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Young ones and frontrunners

EMILY SPINK and GEORGIA NELSON catch up with some of the Christchurch local election contenders: mayoral frontrunners Lianne Dalziel and Paul Lonsdale, and three of UC’s current and former students Jeremy Kaye, Bridget Williams and Erin Jackson.

The Young Ones

Jeremy Kaye

Jeremy is a 4th year law and arts student and is running for the Riccarton-Wigram Community Board.

He first tried his hand at governance while at Middleton Grange School, when he was on the board of trustees as student representative.

“Since the earthquakes it has been exciting to see young people get involved in the community,” he says. “I think now is a really good time for young people to be able to step up and say we are ready to participate more in society.”

He says the most important outcome of these elections, particularly given the importance of the city’s rebuild, will be achieving unity. “We need to start working together.”

Bridget Williams

Bridget is in her 3rd year of a law and arts degree, and is running for the Fendalton-Waimairi Community Board.

She is the president of the Student Volunteer Army and says that role has sculpted her leadership skills and made her more aware of what is going on in the community.

“That is one reason why I want to be involved … [and because] the decisions that councillors and community boards are making are going to affect the future of Christchurch.”

She wants to make the city more community-focused, both in terms of material and landscape design and attitudes between citizens “I’d love to see a more open perspective with the older and younger generations.”

Erin Jackson

Erin, 24, is the outgoing president of the University of Canterbury Students’ Association, and is running for council in the Spreydon-Heathcote ward.

She has a law and arts degree and is deputy chair of Student job Search, deputy chair of the Student Volunteer Army Foundation, and sits on the Arts Centre trust board.

She says the council needs fresh faces with passion and drive for the city’s future. “We need people with a fresh perspective, who have energy, who are positive.”

Christchurch is the best small city in the world, she says. It is a city that “is resilient, that is entrepreneurial, that is creative and tenacious”, and the place she wants to raise her kids.

“I want to be here and to make Christchurch a place that people are stoked to say, ‘I’m from Christchurch or I live in Christchurch’.”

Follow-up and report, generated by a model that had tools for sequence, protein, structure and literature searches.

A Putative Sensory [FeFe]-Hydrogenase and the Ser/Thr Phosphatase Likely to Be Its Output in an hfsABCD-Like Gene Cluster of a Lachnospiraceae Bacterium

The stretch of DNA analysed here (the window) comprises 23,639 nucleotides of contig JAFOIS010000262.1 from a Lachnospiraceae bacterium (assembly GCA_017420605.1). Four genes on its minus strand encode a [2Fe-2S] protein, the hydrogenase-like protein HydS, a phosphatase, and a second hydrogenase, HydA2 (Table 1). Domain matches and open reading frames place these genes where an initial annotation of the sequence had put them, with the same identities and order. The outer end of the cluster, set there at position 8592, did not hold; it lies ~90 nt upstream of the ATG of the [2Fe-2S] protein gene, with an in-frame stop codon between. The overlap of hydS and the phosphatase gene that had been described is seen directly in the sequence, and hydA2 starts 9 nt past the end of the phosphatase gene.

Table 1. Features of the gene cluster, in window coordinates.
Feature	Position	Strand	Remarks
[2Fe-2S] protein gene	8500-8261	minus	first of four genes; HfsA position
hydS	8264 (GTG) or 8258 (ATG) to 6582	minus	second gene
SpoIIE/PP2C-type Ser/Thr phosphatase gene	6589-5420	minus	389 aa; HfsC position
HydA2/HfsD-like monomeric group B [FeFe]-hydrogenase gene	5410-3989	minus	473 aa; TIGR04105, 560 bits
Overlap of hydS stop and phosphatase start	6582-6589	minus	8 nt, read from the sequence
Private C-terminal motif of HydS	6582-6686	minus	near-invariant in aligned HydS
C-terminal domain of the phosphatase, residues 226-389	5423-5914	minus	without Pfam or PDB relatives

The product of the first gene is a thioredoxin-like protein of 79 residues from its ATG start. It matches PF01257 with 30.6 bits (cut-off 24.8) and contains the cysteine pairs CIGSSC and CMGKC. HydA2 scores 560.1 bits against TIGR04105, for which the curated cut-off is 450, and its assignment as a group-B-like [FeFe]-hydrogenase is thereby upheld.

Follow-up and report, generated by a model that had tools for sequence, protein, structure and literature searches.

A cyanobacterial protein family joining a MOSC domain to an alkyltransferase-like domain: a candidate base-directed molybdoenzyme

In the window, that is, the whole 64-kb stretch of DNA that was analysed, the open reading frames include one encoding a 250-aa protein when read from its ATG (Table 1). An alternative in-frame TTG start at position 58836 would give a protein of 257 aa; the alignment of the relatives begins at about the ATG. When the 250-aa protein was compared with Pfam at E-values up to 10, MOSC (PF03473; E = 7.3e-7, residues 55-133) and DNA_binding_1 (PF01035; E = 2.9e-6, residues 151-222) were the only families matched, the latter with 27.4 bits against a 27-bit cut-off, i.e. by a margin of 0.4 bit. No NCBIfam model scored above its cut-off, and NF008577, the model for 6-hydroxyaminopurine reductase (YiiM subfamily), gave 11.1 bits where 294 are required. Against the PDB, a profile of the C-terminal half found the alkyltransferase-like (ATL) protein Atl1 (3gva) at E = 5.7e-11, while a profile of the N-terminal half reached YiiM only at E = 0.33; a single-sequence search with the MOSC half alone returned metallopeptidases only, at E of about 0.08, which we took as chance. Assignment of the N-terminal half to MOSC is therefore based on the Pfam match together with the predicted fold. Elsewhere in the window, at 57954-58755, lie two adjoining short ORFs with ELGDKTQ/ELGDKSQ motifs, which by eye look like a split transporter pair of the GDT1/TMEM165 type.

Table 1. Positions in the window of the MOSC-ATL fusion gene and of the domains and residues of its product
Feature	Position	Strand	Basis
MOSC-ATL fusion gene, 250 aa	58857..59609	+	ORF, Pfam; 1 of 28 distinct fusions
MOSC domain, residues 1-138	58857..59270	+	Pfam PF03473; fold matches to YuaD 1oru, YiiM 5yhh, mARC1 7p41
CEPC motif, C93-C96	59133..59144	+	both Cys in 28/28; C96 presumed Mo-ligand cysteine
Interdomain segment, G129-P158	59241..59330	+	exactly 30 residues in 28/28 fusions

The biggest challenge facing the new council is working out how to create unity. “We need a council table that wants to work together, despite different opinions and agendas, and work together on common goals.”

The Mayoral Frontrunners

Lianne Dalziel

Dalziel, who is running for One City Together [], says the government has had too much say in Christchurch and residents’ voices have been stifled.

If elected, she wants to use her mandate to talk to government about the city’s priorities, including looking at how some elements of the city blueprint might be renegotiated. Four themes have dominated local discussion about the city’s redesign – clean, green, safe and smart – and Dalziel wants to see those reconsidered in the recovery blueprint.

Preparing the council to step into the gap when the Canterbury Earthquake Recovery Authority finishes its work in 2016 is a priority.

“The top priority is to make the council the top-performing or high-performing organisation that it has to be to take over that fundamental leadership role in the recovery of the city.”

Paul Lonsdale

Paul Lonsdale, who is running as an independent candidate, says the city has to decide what its top recovery priorities are. “Which ones are going to deliver the most benefit to the city first? The stadium probably won’t, so that’ll probably be on the back burner.”

Fast-tracking the remediation of eastern land is a priority, as is bringing “the heart” back to the community through investment in community centres.

He says only long-term strategic thinking will help the city rebuild in a way that caters for its sporting, cultural and community assets.

“We can’t just think about it in the short term. Do we lump it all on the ratepayer right now? I don’t think that’s right.”